My advice to Facebook

Ramit Sethi · February 8th, 2006

My friend Noah Kagan is a product manager at Facebook. He just coordinated the rollout of a new Valentine’s promotion, which I thought was pretty cool.


But I also had some suggestions for him, which echo my suggestions of not getting greedy and trying to monetize things too quickly (see On Greed and Speed).

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Now, The Facebook has already built an incredible community, so they can monetize all they want. But there are times where going slower will, I think, actually be more profitable. Here’s what I emailed to Noah:

I was thinking about your Valentines promotion today.

This is a good example of something that can be turned into a viral-marketing effort, or slowed down by barriers. First of all, I really like the idea. But my guess is that adoption will be relatively low (by percentage) because…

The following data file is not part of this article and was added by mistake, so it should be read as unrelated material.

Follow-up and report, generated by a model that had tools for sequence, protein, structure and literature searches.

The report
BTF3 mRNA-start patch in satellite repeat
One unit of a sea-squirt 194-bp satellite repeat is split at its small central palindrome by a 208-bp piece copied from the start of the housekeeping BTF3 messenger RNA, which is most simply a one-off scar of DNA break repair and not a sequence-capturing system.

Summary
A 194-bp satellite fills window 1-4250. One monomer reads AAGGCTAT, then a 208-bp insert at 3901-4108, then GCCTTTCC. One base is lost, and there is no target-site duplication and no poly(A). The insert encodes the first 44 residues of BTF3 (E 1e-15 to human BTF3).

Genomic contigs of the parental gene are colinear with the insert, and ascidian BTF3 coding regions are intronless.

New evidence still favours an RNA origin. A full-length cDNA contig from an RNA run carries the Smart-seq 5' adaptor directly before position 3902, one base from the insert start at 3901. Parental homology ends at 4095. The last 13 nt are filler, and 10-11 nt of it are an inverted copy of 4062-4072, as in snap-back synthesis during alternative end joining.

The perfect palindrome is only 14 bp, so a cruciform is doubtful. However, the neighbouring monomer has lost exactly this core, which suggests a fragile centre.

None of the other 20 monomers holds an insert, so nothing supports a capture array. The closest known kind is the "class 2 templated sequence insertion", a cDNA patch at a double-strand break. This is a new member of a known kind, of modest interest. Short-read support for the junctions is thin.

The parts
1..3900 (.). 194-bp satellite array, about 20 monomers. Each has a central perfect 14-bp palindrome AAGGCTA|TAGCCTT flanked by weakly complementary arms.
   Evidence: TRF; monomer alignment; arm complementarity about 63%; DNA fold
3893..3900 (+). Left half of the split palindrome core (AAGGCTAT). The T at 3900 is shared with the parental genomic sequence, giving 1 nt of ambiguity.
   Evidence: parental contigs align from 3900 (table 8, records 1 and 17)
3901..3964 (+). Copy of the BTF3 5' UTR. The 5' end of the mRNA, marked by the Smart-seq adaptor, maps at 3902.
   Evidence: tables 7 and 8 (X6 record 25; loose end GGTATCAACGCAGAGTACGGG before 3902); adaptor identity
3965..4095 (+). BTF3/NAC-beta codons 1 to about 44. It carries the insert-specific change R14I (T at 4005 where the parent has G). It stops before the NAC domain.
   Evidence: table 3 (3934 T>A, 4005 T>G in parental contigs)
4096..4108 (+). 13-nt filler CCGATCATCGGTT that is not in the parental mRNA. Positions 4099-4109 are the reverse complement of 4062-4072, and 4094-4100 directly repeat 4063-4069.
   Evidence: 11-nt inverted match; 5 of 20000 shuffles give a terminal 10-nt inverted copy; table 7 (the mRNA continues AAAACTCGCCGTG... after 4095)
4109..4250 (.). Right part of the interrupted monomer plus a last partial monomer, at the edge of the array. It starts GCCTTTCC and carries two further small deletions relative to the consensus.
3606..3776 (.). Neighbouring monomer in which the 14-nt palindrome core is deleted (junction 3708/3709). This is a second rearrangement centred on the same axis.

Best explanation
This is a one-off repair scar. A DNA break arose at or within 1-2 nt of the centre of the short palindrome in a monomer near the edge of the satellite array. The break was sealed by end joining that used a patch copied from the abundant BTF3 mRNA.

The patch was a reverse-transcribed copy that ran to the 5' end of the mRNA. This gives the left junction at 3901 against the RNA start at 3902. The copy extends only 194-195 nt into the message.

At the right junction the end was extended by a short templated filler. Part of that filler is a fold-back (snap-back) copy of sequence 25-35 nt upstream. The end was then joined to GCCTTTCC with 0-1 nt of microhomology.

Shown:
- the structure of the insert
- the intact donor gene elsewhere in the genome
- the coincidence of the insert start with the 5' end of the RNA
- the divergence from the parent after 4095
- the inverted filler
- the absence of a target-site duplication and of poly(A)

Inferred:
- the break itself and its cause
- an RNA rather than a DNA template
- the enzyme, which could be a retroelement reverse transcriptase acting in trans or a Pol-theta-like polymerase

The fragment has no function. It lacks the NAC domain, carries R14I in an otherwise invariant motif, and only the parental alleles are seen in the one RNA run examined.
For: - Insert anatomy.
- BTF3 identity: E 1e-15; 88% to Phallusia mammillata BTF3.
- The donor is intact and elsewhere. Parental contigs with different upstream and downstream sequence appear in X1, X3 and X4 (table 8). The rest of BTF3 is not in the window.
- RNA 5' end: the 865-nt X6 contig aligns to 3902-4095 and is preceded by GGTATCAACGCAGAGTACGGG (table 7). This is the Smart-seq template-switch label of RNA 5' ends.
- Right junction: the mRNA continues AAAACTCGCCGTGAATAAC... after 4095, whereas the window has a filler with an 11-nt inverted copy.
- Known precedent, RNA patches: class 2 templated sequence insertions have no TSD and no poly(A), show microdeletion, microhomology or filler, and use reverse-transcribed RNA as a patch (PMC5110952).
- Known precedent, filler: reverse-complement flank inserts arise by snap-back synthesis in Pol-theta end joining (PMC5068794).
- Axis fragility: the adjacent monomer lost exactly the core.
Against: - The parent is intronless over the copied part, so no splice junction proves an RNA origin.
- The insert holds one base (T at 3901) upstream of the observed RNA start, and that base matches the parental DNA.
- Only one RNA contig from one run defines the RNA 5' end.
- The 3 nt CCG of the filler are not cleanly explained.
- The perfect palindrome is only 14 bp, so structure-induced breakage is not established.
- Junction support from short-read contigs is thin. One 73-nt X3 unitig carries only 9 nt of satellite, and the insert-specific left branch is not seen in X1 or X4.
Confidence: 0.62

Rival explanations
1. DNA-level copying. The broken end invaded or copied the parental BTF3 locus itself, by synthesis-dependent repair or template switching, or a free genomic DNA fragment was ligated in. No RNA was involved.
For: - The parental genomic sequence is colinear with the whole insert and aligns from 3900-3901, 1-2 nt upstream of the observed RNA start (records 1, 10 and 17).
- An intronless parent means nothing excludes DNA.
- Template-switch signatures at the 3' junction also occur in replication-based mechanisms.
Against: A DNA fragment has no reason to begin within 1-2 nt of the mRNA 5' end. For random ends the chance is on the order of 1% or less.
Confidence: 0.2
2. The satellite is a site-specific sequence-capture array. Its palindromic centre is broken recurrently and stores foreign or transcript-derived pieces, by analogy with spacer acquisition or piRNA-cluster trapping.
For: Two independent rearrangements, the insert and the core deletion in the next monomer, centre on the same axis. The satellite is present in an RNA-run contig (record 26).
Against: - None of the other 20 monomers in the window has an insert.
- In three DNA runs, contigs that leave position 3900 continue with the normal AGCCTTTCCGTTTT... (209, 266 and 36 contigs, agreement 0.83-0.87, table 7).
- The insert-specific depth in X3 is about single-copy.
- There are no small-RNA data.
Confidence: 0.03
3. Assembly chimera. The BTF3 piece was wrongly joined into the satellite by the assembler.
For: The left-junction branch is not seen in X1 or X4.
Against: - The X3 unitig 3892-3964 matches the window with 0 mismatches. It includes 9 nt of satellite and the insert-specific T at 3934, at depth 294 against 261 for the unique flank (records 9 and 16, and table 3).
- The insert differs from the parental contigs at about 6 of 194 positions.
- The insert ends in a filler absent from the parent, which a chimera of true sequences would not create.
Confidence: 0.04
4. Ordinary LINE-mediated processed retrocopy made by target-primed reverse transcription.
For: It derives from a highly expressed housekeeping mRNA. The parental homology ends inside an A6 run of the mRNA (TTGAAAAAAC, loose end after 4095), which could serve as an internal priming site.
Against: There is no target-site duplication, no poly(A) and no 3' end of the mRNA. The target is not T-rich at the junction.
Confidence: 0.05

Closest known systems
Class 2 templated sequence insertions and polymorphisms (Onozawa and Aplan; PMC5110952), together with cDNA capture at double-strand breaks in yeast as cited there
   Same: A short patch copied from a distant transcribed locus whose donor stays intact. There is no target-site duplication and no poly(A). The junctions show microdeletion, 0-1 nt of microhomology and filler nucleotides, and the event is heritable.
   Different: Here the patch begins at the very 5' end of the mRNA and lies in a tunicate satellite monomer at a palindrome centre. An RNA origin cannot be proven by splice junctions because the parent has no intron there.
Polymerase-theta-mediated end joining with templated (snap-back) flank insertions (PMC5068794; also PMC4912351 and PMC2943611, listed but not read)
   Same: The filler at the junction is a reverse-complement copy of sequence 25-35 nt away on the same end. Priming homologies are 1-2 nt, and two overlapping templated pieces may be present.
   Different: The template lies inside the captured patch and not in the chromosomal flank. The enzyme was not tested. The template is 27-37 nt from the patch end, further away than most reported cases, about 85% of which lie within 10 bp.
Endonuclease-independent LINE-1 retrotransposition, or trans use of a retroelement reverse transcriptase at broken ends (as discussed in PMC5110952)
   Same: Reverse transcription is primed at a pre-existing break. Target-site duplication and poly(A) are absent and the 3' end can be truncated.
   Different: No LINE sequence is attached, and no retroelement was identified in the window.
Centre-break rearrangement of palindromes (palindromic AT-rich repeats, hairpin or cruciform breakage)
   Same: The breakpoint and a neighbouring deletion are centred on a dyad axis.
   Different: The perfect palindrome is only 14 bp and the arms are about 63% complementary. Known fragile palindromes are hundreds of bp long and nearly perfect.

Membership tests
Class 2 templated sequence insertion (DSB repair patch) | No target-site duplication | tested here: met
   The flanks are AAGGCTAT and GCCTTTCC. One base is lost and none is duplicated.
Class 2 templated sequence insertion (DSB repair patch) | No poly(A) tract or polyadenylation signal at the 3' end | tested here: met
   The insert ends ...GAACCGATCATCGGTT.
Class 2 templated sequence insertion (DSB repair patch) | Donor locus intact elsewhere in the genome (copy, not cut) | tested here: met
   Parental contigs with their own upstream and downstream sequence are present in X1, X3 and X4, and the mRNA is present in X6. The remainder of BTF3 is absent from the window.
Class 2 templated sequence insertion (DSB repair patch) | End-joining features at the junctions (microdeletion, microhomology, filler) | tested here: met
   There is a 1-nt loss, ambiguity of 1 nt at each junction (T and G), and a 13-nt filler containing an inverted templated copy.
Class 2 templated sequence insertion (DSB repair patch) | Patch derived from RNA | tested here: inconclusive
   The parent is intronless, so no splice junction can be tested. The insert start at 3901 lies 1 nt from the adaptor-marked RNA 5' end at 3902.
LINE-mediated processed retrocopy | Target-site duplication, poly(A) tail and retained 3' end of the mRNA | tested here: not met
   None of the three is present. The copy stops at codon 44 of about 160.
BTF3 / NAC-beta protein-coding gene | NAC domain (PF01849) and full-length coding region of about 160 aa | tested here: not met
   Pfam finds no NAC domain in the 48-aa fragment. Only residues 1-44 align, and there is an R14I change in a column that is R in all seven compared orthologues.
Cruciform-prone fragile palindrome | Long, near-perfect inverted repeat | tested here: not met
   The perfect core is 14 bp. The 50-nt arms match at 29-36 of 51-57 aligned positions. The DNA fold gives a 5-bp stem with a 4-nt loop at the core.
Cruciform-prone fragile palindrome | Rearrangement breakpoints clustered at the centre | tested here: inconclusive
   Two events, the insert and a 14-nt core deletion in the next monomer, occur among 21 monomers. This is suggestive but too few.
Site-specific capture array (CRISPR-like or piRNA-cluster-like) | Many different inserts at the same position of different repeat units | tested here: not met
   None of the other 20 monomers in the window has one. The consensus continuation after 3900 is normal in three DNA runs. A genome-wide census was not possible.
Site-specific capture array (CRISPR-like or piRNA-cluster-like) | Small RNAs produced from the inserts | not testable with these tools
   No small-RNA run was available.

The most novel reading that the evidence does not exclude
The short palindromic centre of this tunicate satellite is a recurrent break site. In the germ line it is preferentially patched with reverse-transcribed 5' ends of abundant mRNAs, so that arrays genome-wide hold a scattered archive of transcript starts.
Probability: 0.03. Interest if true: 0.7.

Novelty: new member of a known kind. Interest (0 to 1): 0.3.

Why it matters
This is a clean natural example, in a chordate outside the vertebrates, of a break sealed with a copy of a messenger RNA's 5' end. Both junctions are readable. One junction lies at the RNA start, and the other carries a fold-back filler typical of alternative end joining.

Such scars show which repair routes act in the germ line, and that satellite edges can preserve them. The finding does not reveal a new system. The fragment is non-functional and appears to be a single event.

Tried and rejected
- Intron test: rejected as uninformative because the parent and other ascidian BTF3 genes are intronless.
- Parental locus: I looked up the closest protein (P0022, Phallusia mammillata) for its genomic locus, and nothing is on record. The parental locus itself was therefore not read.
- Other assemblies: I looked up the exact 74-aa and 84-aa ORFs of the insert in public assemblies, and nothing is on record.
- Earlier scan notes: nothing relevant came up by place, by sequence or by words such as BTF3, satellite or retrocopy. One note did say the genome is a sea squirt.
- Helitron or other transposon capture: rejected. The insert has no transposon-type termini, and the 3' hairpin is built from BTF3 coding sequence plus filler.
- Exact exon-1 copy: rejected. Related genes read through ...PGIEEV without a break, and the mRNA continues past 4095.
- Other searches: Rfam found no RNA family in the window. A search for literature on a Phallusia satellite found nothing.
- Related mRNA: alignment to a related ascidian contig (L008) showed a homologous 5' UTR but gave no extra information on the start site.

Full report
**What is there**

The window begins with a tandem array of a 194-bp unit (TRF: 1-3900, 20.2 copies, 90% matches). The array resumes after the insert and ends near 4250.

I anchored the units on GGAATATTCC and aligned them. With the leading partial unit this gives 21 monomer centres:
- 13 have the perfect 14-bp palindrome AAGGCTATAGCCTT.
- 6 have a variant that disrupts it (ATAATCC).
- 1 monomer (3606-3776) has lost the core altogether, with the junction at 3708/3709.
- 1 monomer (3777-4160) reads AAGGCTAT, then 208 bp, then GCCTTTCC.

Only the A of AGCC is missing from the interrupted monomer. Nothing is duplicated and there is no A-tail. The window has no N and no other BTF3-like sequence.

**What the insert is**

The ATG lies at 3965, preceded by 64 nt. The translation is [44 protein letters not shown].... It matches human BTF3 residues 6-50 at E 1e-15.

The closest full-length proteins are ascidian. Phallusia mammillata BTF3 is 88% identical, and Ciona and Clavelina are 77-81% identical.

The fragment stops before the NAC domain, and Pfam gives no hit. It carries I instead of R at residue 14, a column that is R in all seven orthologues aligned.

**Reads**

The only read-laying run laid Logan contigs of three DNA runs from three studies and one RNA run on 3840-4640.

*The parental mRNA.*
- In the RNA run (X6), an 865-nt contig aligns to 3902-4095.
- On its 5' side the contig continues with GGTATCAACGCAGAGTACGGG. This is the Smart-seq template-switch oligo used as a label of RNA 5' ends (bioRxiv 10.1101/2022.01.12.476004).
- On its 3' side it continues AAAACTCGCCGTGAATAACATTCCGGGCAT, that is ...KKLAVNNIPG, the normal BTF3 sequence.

1. It costs money
2. A lot of money
3. And because it costs money, the most any user will send is 1

Here’s what I would do for the next promotion of this kind: Make it free, but offer value-added services. For example, if I did the Valentines thing, I would:

* Let people send 5 free Valentines, and charge $ per Valentine after that
* Make paid Valentines stand out more (e.g., offer to include a picture or video, change the color, etc)
* Add a permission piece to it, by adding a checkbox saying “Join the BlahBlah group” or “Get notified about a special BlahBlah we’re doing in March.”

As a result, you’d get probably 100x the Valentines sent. Yes, you’d get lower immediate revenue and have some logistical problems (with 50,000 Valentines at Stanford, would any of them be seen?) but those can be worked around by targeting them and some other clever ways.

But the upside is that (1) immediate traffic would go up, making it ripe to tie that day in with your ad team, and (2) if you tied the checkbox offer to an upcoming promotion, you would more than make up for it by building a huge, opt-in permission asset.

Anyway, just a thought.